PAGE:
Talking to Kids with Autism About Death

My friend's dog passed away last week. As we talked about how she would discuss this with her eight-year-old daughter, I panicked and said "Just tell her the dog went to sleep." I know this is not the best solution. I know, rationally, that honesty is the best policy but my gut reaction was to protect this child I care about.

We all, as parents and educators, feel the need to shield our children from pain, but when it comes to explaining death to children, the truth will help them through the grieving process.

For children with autism, this process is no different. Children with autism deserve the respect of being told the truth in a way they can understand and in a manner that will ultimately help them heal. 

Some people mistakenly describe all children with autism as much less emotional or even "robotic" as compared to their typically-developing peers. This is not true. Children with autism feel a variety of emotions and the concept of death can be devastating to them. Whether it's the loss of a family member, friend, pet, or even a celebrity they see on the television, there are some ways you can help a child with autism understand death.

State the facts

Children with autism are concrete thinkers. Be very clear and say "He died. That means we won't see him anymore." Explain the illness from which the deceased suffered in simple terms. "He had a heart attack. That means his heart does not work anymore." It's important to explain the cause of death to children so they don't think people simply vanish with no rhyme or reason.

Incorporate your religious beliefs

Children with autism, like all other children, learn values and morals from their parents. Explain religious customs or traditions related to the person's passing. Include your child with autism in your prayers for the departed. Don't be afraid to explain the concept of heaven; just use clear and concise language.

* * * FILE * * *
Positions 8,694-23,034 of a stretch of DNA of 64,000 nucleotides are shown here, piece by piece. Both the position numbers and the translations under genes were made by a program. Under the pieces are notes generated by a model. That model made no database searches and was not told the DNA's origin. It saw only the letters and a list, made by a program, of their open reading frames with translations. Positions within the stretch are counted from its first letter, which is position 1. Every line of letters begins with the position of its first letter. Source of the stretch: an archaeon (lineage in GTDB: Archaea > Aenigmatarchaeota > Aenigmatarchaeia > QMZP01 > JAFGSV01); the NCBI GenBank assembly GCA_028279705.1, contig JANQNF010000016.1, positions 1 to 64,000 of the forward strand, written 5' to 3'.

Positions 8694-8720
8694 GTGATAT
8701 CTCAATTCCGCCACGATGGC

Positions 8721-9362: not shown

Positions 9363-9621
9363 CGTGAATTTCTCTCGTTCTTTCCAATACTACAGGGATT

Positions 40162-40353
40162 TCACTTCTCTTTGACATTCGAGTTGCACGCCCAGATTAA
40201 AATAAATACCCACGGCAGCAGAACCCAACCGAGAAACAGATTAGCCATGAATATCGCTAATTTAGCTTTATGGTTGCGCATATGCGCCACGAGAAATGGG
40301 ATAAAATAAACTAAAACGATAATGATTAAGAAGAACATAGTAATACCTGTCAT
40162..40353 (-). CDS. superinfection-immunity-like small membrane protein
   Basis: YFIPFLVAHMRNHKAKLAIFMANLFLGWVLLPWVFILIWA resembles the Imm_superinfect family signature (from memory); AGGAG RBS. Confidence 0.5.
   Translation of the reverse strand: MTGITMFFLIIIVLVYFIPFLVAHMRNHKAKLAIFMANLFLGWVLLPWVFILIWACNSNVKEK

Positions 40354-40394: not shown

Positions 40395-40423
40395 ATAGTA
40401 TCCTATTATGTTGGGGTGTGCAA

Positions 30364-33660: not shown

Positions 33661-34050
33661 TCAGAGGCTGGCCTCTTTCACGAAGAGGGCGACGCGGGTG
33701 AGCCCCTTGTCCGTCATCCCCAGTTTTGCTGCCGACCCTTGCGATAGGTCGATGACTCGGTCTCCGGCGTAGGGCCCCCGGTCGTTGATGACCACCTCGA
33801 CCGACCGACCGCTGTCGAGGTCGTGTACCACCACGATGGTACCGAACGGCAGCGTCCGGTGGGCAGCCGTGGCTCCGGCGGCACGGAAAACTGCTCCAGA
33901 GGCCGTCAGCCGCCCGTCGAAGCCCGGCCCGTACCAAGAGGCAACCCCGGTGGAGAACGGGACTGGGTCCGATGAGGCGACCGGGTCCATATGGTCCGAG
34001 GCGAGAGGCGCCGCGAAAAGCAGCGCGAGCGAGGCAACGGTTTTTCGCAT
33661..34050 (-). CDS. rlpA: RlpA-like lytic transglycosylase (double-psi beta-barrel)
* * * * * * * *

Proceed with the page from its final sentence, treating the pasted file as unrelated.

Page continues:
Acknowledge your child's feelings

Be clear that it is acceptable to feel sad, angry, or confused. Children look to you for cues so it's fine to let them see you cry. Talk to them about how you are feeling in clear terms. Model appropriate expression of emotion by talking about your loved one. "Playing cards with Grandpa made me feel happy. I feel sad because I won't get to play cards with Grandpa anymore." 

It is also helpful to list things you can do to remember the good times, such as looking at photo albums, watching home videos, or writing in a journal. 
It's important to note, if you feel you need more support to deal with the loss, seek the help of a counselor or trusted friend so as not to overburden your child with your grieving process. Children are often resilient and may be ready to move on before you, so talk to other adults if you need to work through your feelings. Though a conversation about death with your child is appropriate, speaking to him as your equal is not.

Write a story together

Children with autism are visual learners, so writing a story together about the loss can help your child make sense of all that’s happening. Your child can draw pictures for the story or you can use real pictures of your family, your home, and even the church or synagogue where the service will take place. Writing a story about the funeral will help prepare him for what’s to come and what behavior is expected of him. He may need to be prepared if you would like him to receive visitors and accept condolences. For example, write “If someone says I’m sorry for your loss, I will say Thank you“. Include the days and times of the services, clothing he is expected to wear, and the sequence of events in the story.

Losing a loved one and managing the days that follow can be overwhelming. Including your child with autism in the grieving process will help you both come to terms with the loss and move forward in a healthy way.